Iraq PM committed to forming new govt

A mounting Sunni insurgency is threatening to rupture Iraq 2-1/2 years after US troops withdrew.

FILE: Iraqi army troops chant slogans against the Islamic State of Iraq and the Levant (ISIL) as they recruit volunteers to join the fight against a major offensive by the jihadist group in northern Iraq. Picture: AFP.

BAGHDAD - Iraqi Prime Minister Nuri al-Maliki said on Wednesday he is committed to forming a new government on time as he fights growing calls from his opponents, and some of his former allies, to step aside.

A mounting Sunni insurgency is threatening to rupture Iraq 2-1/2 years after the withdrawal of US troops, and Maliki's domestic opponents say he has made matters worse by alienating moderate Sunnis who once fought al-Qaeda but are now teaming up with the extremist Islamic State in Iraq and the Levant (ISIL).

"We will attend the first session of parliament in harmony with the constitutional merits and out of the commitment to the call of the Supreme Marjaiya (Iraq's Shi'ite clergy) and out of loyalty to our people," Maliki said on state television.

On Friday, the Marjaiya's Grand Ayatollah Ali al-Sistani himself called for the government formation process to begin.

Last Wednesday, the results of an April national election were certified, triggering a process that means the first parliament session must be held by 1 July.

US Secretary of State John Kerry said that in a meeting with Maliki on Monday the premier had "on multiple occasions affirmed his commitment to 1 July" as the date to start forming a new government.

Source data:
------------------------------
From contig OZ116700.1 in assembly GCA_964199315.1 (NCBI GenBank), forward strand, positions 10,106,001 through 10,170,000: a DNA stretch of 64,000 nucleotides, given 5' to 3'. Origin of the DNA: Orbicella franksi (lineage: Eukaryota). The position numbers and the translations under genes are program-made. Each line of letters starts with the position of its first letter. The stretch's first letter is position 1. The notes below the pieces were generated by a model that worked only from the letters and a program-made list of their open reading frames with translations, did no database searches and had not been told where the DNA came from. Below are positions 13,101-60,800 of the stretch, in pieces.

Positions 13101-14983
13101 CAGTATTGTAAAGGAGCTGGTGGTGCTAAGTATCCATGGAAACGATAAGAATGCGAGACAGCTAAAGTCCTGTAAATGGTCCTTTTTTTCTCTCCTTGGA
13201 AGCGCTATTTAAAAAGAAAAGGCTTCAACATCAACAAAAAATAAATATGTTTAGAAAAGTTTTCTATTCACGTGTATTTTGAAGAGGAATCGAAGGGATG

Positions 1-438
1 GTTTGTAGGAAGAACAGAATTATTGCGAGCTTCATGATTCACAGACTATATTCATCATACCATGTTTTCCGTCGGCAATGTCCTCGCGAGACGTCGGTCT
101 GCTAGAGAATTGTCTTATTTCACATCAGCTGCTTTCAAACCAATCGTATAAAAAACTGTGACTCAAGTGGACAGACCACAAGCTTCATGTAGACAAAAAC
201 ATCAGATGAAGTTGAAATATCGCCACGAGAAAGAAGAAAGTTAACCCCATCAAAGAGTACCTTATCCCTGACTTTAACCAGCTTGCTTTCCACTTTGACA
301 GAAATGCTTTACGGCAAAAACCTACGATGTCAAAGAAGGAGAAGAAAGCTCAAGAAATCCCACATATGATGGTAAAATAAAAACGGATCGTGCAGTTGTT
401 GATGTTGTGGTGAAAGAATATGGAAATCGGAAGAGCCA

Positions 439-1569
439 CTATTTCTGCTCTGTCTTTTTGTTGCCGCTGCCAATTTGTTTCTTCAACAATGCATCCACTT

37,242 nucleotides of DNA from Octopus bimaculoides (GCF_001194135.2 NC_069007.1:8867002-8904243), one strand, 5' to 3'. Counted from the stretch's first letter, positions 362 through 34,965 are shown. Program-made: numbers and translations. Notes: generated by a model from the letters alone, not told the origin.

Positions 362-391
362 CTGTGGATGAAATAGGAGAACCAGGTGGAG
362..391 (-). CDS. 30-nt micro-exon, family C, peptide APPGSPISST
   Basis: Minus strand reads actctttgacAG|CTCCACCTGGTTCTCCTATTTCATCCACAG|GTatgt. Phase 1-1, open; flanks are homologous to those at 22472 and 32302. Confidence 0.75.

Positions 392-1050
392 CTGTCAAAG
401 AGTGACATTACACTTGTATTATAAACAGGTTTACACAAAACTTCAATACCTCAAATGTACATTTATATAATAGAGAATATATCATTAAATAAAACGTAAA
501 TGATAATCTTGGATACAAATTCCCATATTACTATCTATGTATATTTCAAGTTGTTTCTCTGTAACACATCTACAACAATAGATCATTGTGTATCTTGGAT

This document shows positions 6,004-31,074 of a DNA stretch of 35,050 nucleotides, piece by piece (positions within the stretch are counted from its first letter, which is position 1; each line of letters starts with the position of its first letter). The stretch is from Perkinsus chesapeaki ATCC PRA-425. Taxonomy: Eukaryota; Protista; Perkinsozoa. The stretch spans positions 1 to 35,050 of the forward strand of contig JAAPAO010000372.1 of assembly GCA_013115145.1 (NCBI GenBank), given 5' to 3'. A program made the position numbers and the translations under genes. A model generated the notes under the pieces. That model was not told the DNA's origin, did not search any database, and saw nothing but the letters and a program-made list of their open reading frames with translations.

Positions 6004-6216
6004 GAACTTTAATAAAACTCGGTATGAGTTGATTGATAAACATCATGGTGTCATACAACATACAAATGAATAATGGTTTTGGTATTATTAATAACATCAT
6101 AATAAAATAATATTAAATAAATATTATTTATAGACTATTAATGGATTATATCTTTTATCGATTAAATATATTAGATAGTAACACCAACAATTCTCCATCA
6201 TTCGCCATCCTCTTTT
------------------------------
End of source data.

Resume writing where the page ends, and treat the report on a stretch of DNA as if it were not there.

While US officials have been careful not to say publicly they want Maliki to step aside, Iraqi officials say such a message was intimated behind the scenes.

Meanwhile, militants attacked one of Iraq' largest air bases on Wednesday as the first US teams arrived to assess the Iraqi security forces and decide how to help counter a mounting Sunni insurgency.

Two weeks of advances by militants spearheaded by al-Qaeda offshoot the Islamic State in Iraq and the Levant (ISIL) has threatened to rupture the country two and a half years after the withdrawal of US troops.

Kerry urged leaders of Iraq's autonomous Kurdish region on Tuesday to stand with Baghdad in the face of the onslaught.

Militants including ISIL and allied Sunni tribes battled Iraqi forces in the town of Yathrib, 90 km north of Baghdad, into the early hours of Wednesday, witnesses and the deputy head of the municipality said. Four militants were killed, they said.

Insurgents have surrounded a massive air base nearby, which was known as "Camp Anaconda" under US occupation, and struck it with mortars. Eyewitnesses said the air base had been surrounded on three sides.

More than 1,000 people, mainly civilians, have been killed in less than three weeks, the United Nations has said, calling the figure "very much a minimum".

The figure includes unarmed government troops machine gunned in mass graves by insurgents, as well as several reported incidents of prisoners killed in their cells by retreating government forces.

US President Barack Obama has offered up to 300 American advisers to Iraq but held off granting a request by Prime Minister Nuri al-Maliki's government for air strikes.